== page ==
“Future date” sounds good but is actually very limited. It only allows you to turn on your settings on the date of the next bill — which may not be near the time of your trip. “Make effective/expire today” means your changes will be complete and active on the AT&T network within the next 12-24 hours. I’d recommend you make all your changes a day or two before you leave for Europe and just make it effective that day.
One “gotcha”: some features like Global 50 text messages and Global data are pro-rated during a month if you don’t turn them on at the beginning of the billing cycle. For example, if you turn 50 international text messages on half way through the billing cycle you’ll only get 25 text messages during that monthly billing period. Gotta love that, eh? 🙁 That’s another reason to use the “backdate” feature, because you can set a feature to start at the last billing cycle, then set it to expire at the start of the next billing cycle. That way you are sure to get 100% of the text or data bundles.)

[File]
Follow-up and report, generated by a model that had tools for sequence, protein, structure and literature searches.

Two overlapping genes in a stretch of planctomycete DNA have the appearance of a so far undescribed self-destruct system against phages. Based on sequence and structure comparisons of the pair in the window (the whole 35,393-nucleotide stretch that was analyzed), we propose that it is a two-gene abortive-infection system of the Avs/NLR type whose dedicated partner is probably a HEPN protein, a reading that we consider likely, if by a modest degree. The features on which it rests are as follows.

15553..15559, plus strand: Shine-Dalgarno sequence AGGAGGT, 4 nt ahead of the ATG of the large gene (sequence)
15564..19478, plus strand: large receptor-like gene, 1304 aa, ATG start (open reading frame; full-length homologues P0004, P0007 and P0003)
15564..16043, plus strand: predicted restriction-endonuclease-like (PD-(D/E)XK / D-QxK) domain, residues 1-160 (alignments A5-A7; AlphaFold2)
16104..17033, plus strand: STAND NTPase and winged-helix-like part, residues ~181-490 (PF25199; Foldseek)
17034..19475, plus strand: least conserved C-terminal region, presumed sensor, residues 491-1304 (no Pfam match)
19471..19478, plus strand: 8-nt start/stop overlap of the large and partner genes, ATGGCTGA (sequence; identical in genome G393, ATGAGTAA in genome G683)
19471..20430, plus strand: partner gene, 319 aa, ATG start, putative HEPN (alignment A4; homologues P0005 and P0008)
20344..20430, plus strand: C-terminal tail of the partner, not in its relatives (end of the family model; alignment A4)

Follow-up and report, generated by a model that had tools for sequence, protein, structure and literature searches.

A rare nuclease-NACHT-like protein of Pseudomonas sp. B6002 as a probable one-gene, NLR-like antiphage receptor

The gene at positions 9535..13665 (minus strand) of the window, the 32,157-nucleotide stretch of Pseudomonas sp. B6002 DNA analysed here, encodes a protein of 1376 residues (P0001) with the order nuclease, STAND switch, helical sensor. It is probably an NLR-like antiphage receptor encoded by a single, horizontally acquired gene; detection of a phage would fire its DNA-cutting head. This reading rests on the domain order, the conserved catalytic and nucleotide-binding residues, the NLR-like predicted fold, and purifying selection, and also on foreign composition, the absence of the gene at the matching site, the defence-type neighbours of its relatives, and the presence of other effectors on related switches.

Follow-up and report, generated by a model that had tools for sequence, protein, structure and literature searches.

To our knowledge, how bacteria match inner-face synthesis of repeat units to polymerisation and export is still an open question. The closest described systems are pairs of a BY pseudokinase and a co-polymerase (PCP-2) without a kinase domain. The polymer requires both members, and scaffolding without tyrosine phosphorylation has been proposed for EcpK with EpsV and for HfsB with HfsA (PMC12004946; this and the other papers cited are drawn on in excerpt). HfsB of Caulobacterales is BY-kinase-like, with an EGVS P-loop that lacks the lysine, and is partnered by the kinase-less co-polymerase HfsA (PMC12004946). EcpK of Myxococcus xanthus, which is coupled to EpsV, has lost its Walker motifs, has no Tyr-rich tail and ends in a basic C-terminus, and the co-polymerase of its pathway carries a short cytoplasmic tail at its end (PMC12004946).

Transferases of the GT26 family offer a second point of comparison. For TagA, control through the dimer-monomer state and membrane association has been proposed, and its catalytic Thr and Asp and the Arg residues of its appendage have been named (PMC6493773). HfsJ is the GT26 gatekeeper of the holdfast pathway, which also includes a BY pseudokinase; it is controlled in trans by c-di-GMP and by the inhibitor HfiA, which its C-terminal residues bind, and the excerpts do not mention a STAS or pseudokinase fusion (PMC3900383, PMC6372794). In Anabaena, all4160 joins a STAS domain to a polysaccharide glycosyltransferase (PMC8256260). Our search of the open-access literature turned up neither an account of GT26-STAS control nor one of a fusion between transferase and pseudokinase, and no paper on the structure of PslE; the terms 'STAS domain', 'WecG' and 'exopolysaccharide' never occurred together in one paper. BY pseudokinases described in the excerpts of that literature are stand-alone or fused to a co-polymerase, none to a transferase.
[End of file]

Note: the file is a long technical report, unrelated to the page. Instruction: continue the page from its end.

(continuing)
When you’ve set the effective date for each feature, click on “Next”. When all dates for all features have been set, you get one final chance to review all your changes and read the small print of the services. If all is OK, click “Submit”. If not, you can cancel or go back to previous pages. If you messed up a date, click “Back” and correct it. Once submitted, AT&T will send you an email confirming your changes and you’ll be ready to stay connected as soon as you hit the ground.
To control data usage, use the iPhone Settings app to turn data roaming on or off (Settings->General->Cellular). Apps can still run in the background and access the network without your knowledge, so the only effective way to control network usage is Settings. Do this before you take your iPhone out of “Airplane mode” to avoid inadvertent data charges.